Photo by Gabby Hartz
Shame on you if you didn’t pick North Dakota State to upset Oklahoma during last year’s matchup in the NCAA Tournament.
As you’ll recall, the Bison knocked off the Sooners in Spokane, Wash., one of three No. 12s to topple a No. 5 in the tournament’s opening weekend. It was the school’s first-ever win in March Madness. In the process, the Bison were dubbed “America’s Cinderella” by many observers. But, like Cinderella, midnight eventually struck.
This year was supposed to be different, and not in a good way. There was no way the glass slipper molded to perfection for the group that beat Oklahoma could possibly fit this year’s squad. If last year’s Bison were Cinderella, the experts thought this year’s bunch more resembled the ugly duckling.
Let’s recap. Last year, preseason favorite to win the Summit League. This year, picked to finish fifth. Last year, top-heavy team loaded with talented seniors that also beat Notre Dame during the regular season. This year, they start two freshmen and a sophomore, had to replace 70 percent of their scoring, and escaped with a one-point home win in November against Minnesota Crookston, a Division II opponent. Last year, veteran head coach Saul Phillips. This year, first year head coach Dave Richman.
If that doesn’t paint the picture of how different it was supposed to be, maybe this will help. The Bison don’t even have an arena to call their own this season. They are a basketball refugee, playing in Scheels Arena, a hockey arena without scoreboards capable of tracking points and fouls, located eight miles from campus. Their long-time home, the Bison Sports Arena, is being completely gutted and rebuilt into a new arena, the Sanford Health Athletics Complex (“SHAC”), scheduled to open in the fall of 2016.
Oh, and how about this. I should mention that the team practices in a warehouse located several miles from campus with a low-hanging, 20-foot high ceiling because their new, state-of-the-art practice facility won’t be completed until sometime between next winter and when the SHAC opens. Same goes for their weight room. How gritty is this team? They lift weights in an old grocery store converted into the team’s temporary weight room while their new training facilities are being finished.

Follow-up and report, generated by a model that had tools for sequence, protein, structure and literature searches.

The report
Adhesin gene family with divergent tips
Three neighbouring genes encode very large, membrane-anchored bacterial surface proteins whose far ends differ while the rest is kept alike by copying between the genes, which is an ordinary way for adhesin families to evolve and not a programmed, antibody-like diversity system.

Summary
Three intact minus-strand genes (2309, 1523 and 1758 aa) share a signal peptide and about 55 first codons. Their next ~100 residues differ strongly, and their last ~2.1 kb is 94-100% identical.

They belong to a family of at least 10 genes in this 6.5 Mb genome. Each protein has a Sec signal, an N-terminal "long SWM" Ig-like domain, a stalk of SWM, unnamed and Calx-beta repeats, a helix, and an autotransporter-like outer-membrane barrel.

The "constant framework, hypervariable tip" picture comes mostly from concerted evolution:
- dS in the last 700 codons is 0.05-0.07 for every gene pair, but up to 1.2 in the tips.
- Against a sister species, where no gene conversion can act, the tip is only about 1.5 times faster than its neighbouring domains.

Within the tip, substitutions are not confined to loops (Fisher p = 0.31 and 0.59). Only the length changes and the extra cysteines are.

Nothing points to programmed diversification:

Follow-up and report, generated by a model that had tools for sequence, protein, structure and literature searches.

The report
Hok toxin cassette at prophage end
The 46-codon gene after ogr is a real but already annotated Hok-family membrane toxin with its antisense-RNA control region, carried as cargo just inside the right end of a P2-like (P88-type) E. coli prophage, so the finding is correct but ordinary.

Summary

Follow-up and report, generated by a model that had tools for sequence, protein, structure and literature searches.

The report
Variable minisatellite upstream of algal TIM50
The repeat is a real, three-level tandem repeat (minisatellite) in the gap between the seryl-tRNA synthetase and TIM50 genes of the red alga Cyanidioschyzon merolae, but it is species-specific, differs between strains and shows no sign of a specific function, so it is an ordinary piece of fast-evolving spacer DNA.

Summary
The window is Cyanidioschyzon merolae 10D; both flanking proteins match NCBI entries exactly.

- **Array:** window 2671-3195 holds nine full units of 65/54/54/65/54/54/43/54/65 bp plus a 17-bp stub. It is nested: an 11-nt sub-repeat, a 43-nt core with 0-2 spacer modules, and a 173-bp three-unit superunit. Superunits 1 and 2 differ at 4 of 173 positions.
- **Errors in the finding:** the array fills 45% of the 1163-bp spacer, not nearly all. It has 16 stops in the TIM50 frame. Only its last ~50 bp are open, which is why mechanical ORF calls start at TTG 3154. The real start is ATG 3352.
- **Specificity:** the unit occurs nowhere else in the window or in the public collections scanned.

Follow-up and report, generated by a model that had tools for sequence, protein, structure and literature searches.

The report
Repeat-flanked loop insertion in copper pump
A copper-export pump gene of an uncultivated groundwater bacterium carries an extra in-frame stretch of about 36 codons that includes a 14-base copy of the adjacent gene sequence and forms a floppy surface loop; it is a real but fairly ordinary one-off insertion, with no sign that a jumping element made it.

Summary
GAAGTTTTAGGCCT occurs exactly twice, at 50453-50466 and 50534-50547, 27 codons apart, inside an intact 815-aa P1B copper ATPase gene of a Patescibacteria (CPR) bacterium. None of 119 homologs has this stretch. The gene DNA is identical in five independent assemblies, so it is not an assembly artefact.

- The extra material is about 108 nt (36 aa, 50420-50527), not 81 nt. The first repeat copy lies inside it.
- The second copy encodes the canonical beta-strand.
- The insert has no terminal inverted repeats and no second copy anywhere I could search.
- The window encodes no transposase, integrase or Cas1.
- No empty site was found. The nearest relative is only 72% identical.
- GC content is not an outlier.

You can’t make this stuff up. And there’s more. Not to be outdone, Richman and his coaching staff share office space with the rest of the athletic department in an industrial park near Grainger Industrial Supply on Fargo’s north side. The parallel is not lost. Grainger’s motto: for the ones who get it done. Like Grainger, the same can be said for this Bison basketball team: for the ones who get it done.
This team just gets it done. Period. No excuses. No complaints. “This group right here, we weren’t handed anything all year,” explained Richman. “We lift weights in a grocery store right now, our practice facility is a 20-foot high warehouse, our offices as a coaching staff are in an industrial park away from our campus and away from our guys.” For the ones who get it done. These obstacles could have derailed any tournament dreams before conference play tipped off. Nope, not this team. “Not one time did they complain; they made no excuses. I think adversity has really brought us together and we were able to deliver on a large stage.”